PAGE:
It is always thrilling to see your own work in print and one of my most treasured collections is the stack of magazines which include my work. In most cases the work would be in the form of a tutorial, but there are other types of submission. The Designer Challenge in Beads & Beyond is one of my favourites, for several reasons. The first Designer Challenge I did was for the April 2010 issue and it was the first paid design work I completed. I even had my photo in the New Designers section, so it was a very exciting moment for me and confirmed that this was the direction I wanted my jewellery making to take. Since then I have submitted numerous Designer Challenges. In fact, I am not even sure how many I have done, so I really must update the ‘Pru in Print’ section of this website to get a clear picture.
For me the most important aspect of the Designer Challenge is the fun! An identical mystery parcel of goodies is sent to 4 designers and 3 designs need to be made. When I start work I always worry that my designs will be too obvious and that my designs might be too similar to what the other designers are making. However, you have no idea who else is doing the challenge, so you just have to hope for the best. The materials may take you totally out of your comfort zone or they may play to your stengths. Either way, you need to come up with something interesting. Brief instructions need to be written up and then the designs and the instructions are sent off to the magazine. Imagine what fun it is to open the magazine to see what everyone else has made. It is my favourite part of the magazine, even when I have not taken part.
Of course, writing for a magazine is not about the payment. It raises your status as a designer and opens up other opportunities. For me that first challenge led to being asked to write a tutorial for the magazine. My first one appeared in the July 2010 issue. This was before I had decided to specialise in kumihimo, so it was for a pretty linked design with weddings in mind. When I look at the tutorial now I can see how much I have developed, but I still wear the necklace! At this point I realised that it would be wise to try to find my own area of specialisation, so that I had something specific to offer editors. I had recently started to experiment with kumihimo, so that was the obvious choice. I certainly have no regrets about that!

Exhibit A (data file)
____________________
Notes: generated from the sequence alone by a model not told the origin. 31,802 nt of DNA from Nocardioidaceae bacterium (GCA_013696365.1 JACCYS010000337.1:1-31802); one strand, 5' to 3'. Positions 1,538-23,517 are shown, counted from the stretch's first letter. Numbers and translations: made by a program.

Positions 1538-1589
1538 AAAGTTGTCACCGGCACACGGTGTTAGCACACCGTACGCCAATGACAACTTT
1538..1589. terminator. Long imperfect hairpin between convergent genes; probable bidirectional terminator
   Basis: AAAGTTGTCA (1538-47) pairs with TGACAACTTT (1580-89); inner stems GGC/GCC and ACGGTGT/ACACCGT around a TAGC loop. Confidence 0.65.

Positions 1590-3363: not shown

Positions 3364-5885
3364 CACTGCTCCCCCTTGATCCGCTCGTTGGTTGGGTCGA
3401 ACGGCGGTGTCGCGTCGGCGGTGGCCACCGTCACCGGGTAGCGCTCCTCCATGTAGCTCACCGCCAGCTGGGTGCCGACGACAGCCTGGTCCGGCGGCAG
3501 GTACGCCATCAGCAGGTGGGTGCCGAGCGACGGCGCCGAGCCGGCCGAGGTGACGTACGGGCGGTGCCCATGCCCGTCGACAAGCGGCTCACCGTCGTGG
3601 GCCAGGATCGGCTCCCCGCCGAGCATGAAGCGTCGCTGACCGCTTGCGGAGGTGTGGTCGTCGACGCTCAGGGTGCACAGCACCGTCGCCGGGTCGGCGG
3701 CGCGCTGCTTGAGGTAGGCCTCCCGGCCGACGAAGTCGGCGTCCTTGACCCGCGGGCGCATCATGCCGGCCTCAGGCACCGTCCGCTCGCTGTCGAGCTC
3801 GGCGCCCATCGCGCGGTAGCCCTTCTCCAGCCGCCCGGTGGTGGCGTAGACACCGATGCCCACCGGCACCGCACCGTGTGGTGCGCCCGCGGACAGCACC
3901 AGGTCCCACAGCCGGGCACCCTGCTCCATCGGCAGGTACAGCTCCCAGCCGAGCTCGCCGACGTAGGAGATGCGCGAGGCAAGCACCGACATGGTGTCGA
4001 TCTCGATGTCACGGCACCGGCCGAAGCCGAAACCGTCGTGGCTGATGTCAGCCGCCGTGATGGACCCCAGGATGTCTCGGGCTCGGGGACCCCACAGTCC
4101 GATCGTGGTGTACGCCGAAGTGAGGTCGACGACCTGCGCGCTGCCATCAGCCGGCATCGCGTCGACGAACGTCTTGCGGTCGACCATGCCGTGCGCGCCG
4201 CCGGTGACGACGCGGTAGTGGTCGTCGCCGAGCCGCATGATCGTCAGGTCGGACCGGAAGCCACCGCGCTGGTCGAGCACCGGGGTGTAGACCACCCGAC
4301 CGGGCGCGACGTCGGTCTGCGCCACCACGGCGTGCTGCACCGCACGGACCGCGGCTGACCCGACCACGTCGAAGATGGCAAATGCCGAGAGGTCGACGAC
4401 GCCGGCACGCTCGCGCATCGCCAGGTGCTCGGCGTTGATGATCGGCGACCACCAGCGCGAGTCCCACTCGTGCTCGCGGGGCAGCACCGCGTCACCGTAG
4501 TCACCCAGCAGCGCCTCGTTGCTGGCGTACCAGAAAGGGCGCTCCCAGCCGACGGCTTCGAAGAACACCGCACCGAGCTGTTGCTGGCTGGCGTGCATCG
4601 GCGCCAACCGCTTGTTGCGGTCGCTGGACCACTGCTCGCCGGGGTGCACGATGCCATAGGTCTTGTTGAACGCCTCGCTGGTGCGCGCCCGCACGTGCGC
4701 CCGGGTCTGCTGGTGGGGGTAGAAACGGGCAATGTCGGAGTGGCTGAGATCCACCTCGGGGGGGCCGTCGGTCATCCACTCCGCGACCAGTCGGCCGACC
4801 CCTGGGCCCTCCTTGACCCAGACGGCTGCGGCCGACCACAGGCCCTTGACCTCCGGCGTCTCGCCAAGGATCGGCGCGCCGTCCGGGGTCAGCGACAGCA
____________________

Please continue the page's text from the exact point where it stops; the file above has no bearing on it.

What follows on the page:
For the challenge this month I received a beautiful collection of seed beads, crystals, cords and findings. I particularly liked this pack because it was so comprehensive. Designers are allowed to add a few extra bits and pieces of their own, but everyting I needed was included, so I didn’t need to use anything else. I always like to include at least one kumihimo design, so the seed beads were perfect for a braided necklace. I used different techniques for the other designs because I like to keep my other skills in good working order!
The September 2015 magazine is in the UK shops now. It features an amazing wirework design on the cover from my friend and JM colleague, Rachel Norris. Her work was featured in this blog a few weeks ago, so it is worth scrolling down to have a look. Fleur Hastings, who is also a friend and JM colleague, is also in this issue with a stunning chain maille design. There is also a really handy section at the back by Donna McKean Smith called ‘Everything you ever needed to know about Kumihimo, but were afraid to ask’. All in all it is a great issue!